Cabela’s Inc. has long been an advocate of energy efficiency. But several years back, the Sidney, Neb.-based hunting, fishing and camping retailer saw an opportunity to streamline its design and construction processes and accrue greater energy and cost savings by standardizing energy-efficiency measures. It adopted uniform standards for temperature and lighting, as well as electrical and mechanical equipment for all new stores.
The results have been significant. The 10 stores built between 2006 and 2008, for example, were found to be 21% more energy efficient than their existing counterparts. It is estimated that the chain saved a total of some $1 million in energy costs for the new stores (and for several remodels).
Lighting-control technologies were integral to the savings. As part of its energy-efficiency standardization, Cabela’s made Schneider Electric’s Powerlink G3 2000 Level intelligent lighting-control panelboards and commercial-grade occupancy sensors the standard for new construction. (Previously, the company had been using a variety of technologies from multiple suppliers.)
Along with reducing energy, the strategy has made lighting and occupancy sensing essentially a “hands-off” proposition for the managers of Cabela’s newer locations. To balance the need for adequate lighting with energy efficiency, the stores are circuited so that half the general lighting in the retail area and all accent and display lamps are turned off after store hours. A front-end master controller, located within the Powerlink panelboard in the store’s electrical room, is connected to the Internet via Ethernet.
Four to 10 lighting-control subpanels are dispersed throughout the store. Each also contain a controller that alters lighting based on the schedules within the master controller or commands from occupancy sensors. (The security system, fire alarm and generator transfer switch were also tied into the intelligent lighting-control panelboard, to force all lighting to turn on during alarm periods.)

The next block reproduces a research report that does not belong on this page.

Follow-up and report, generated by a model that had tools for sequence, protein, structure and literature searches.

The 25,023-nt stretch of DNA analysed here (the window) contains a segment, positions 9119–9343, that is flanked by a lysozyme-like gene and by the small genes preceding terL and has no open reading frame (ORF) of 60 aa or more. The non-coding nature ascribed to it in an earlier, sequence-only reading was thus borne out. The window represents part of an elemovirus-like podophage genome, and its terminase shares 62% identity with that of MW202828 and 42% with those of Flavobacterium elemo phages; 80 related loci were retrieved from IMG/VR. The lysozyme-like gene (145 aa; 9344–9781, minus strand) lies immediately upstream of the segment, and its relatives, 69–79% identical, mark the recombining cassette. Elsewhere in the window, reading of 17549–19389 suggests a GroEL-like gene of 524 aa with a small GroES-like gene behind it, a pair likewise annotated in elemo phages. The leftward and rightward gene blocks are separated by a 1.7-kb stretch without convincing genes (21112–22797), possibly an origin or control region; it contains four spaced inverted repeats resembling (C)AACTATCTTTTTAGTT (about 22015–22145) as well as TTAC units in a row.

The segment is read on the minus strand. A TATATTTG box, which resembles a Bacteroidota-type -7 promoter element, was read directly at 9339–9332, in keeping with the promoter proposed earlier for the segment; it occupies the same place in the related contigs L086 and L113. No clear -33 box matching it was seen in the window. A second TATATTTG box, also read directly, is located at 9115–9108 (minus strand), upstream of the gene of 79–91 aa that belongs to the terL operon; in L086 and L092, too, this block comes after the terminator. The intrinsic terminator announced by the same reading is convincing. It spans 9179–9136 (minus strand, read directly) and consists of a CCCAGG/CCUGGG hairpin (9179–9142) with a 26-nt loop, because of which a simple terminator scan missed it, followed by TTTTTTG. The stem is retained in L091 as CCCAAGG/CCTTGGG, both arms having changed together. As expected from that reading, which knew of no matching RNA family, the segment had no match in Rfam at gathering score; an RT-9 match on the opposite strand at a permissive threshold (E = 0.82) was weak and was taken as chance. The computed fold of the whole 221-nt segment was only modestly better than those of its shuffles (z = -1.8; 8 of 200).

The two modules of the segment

By the time a store manager arrives in the morning, the lights are already staging up. At 9 p.m., the lights begin turning off, and by 10 p.m., the system is down to nighttime requirements. The exterior lighting, including signage and parking lot lights, also are scheduled into the controller in the panelboard.
The deployment of lighting control standards has other benefits as well. The Ethernet access built into the controllers allows lighting schedules for all stores connected to the network to be adjusted via the Internet. This means that schedules can be changed remotely based on the need, such as to accommodate extended holiday shopping hours.
As part of the chain’s product standardization, high-bay warehouse lighting in new stores was shifted from metal-halide fixtures that typically were on most of the day to high-bay florescent-scent fixtures controlled by occupancy sensors. Once motion is detected by the occupancy sensor in a given aisle, lights turn on until the movement is no longer detected. If there is no activity detected for 10 minutes, lights turn off. Occupancy sensors are used in storage rooms, offices, electric rooms, the employee breakroom and the restrooms.
The equipment and building standardization has also helped the facilities team better manage energy usage. Schneider’s PowerLogic power meters provide a constant flow of information, allowing the type of quick decision-making that can increase energy efficiency even further. Power metering also allows Cabela’s to track the energy usage of various stores and see actual energy usage throughout the year.